to kick the bucket


From The Collaborative International Dictionary of English v.0.48:

Kick \Kick\ (k[i^]k), v. t. [imp. & p. p. Kicked (k[i^]kt); p.
   pr. & vb. n. Kicking.] [W. cicio, fr. cic foot.]
   1. To strike, thrust, or hit violently with the foot; as, a
      horse kicks a groom; a man kicks a dog.
      [1913 Webster]

            He [Frederick the Great] kicked the shins of his
            judges.                               --Macaulay.
      [1913 Webster]

   2. To evict or remove from a place or position, usually with
      out or off; as, they kicked him off the staff; he was
      kicked out of the restaurant; the landlord kicked them out
      of the apartment for making too much noise.
      [PJC]

   3. (Sport) To score (goals or points) by kicking; as, they
      kicked three field goals in the game.
      [PJC]

   4. To discontinue; -- usually used of habitual activities;
      as, to kick a habit; he kicked his drug habit.
      [PJC]

   To kick the beam, to fit up and strike the beam; -- said of
      the lighter arm of a loaded balance; hence, to be found
      wanting in weight. --Milton.

   To kick the bucket, to lose one's life; to die. [Colloq. &
      Low]

   To kick oneself, to experience strong regret; as, he kicked
      himself for not investing in the stock market in 1995.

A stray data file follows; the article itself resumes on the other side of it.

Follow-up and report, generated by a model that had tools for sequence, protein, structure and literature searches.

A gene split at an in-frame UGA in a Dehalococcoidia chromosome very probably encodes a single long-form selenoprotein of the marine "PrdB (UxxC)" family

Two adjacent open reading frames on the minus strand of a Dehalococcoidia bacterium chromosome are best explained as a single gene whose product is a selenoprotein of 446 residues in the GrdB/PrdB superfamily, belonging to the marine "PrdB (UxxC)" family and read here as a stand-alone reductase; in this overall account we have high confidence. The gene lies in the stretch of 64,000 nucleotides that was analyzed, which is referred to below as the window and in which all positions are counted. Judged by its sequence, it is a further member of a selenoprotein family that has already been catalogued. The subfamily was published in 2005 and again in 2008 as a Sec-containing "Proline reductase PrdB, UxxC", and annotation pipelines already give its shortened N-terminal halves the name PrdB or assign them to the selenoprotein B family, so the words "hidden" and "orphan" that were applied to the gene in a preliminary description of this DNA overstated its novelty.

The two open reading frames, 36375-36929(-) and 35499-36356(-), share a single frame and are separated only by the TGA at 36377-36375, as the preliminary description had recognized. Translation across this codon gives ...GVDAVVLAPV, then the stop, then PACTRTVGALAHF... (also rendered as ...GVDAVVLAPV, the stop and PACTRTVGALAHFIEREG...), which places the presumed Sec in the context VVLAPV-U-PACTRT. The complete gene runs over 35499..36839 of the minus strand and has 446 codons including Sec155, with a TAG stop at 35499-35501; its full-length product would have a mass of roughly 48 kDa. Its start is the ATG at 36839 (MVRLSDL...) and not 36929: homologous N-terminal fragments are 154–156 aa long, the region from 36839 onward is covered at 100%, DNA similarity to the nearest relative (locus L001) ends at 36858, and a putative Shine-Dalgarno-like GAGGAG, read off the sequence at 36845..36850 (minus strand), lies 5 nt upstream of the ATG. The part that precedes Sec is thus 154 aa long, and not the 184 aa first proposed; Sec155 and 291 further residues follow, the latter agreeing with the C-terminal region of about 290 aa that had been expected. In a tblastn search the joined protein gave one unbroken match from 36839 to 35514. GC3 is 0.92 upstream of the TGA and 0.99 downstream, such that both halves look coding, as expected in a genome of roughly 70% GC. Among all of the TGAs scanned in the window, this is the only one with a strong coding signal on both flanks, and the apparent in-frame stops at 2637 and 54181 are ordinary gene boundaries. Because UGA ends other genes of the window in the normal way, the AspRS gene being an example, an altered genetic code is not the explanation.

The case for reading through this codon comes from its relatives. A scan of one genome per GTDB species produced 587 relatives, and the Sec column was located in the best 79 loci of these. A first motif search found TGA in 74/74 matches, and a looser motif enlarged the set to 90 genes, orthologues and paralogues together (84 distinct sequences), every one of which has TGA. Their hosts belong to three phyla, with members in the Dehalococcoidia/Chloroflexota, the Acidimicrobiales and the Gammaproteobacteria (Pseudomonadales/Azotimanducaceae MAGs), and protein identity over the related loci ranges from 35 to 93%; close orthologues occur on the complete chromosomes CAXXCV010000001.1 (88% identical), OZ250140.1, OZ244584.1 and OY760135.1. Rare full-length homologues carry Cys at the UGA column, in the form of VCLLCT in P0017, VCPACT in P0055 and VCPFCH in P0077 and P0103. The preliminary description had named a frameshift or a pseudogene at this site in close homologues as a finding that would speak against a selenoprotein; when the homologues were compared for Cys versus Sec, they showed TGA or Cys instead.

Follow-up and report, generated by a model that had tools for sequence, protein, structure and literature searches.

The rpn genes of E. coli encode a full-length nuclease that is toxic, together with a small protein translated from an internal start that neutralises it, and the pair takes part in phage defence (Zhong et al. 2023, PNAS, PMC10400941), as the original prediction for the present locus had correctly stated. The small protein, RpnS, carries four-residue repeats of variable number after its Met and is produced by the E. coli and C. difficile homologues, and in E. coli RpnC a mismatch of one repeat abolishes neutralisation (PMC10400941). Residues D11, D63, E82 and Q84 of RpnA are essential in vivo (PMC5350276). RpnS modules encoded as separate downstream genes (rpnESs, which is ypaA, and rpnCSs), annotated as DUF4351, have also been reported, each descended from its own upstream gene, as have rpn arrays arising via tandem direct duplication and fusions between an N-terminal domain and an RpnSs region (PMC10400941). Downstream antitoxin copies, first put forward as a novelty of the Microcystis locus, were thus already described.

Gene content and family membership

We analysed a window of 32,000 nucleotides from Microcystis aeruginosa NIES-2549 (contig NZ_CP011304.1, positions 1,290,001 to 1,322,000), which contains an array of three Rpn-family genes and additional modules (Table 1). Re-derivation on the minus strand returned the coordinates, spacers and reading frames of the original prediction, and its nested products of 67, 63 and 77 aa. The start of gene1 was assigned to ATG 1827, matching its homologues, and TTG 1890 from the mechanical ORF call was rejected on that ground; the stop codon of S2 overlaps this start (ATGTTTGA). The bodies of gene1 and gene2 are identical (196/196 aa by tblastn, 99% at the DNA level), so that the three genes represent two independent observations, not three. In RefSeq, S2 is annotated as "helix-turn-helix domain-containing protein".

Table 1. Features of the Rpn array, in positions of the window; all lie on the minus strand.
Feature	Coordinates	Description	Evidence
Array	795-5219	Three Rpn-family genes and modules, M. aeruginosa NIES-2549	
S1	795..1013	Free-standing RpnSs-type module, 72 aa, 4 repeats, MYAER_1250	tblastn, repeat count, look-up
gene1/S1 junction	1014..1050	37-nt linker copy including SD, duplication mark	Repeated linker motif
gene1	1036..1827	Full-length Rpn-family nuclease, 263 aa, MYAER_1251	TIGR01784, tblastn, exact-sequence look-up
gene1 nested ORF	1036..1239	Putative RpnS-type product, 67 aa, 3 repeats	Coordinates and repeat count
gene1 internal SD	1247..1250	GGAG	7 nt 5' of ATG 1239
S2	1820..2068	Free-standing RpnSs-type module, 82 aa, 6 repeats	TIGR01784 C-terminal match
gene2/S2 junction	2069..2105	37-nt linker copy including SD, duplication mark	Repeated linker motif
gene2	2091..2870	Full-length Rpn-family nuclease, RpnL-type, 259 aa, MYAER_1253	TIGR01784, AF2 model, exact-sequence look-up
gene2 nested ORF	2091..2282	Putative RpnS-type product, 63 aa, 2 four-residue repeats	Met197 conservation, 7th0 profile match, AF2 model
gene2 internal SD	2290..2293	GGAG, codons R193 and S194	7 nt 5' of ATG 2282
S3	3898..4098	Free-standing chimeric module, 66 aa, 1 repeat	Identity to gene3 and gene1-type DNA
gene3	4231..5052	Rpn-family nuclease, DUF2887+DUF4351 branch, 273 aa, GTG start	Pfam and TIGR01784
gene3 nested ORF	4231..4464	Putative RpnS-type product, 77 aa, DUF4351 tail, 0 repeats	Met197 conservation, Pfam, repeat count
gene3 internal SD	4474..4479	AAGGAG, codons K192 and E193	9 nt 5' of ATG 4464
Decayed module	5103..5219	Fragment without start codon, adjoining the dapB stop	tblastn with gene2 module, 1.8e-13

[1913 Webster +PJC]
.

From The Collaborative International Dictionary of English v.0.48:

Bucket \Buck"et\, n. [OE. boket; cf. AS. buc pitcher, or Corn.
   buket tub.]
   1. A vessel for drawing up water from a well, or for
      catching, holding, or carrying water, sap, or other
      liquids.
      [1913 Webster]

            The old oaken bucket, the iron-bound bucket,
            The moss-covered bucket, which hung in the well.
                                                  --Wordsworth.
      [1913 Webster]

   2. A vessel (as a tub or scoop) for hoisting and conveying
      coal, ore, grain, etc.
      [1913 Webster]

   3. (Mach.) One of the receptacles on the rim of a water wheel
      into which the water rushes, causing the wheel to revolve;
      also, a float of a paddle wheel.
      [1913 Webster]

   4. The valved piston of a lifting pump.
      [1913 Webster]

   5. (Mach.) one of vanes on the rotor of a turbine.
      [PJC]

   6. (Mach.) a bucketfull.
      [PJC]

   Fire bucket, a bucket for carrying water to put out fires.
      

   To kick the bucket, to die. [Low]
      [1913 Webster]
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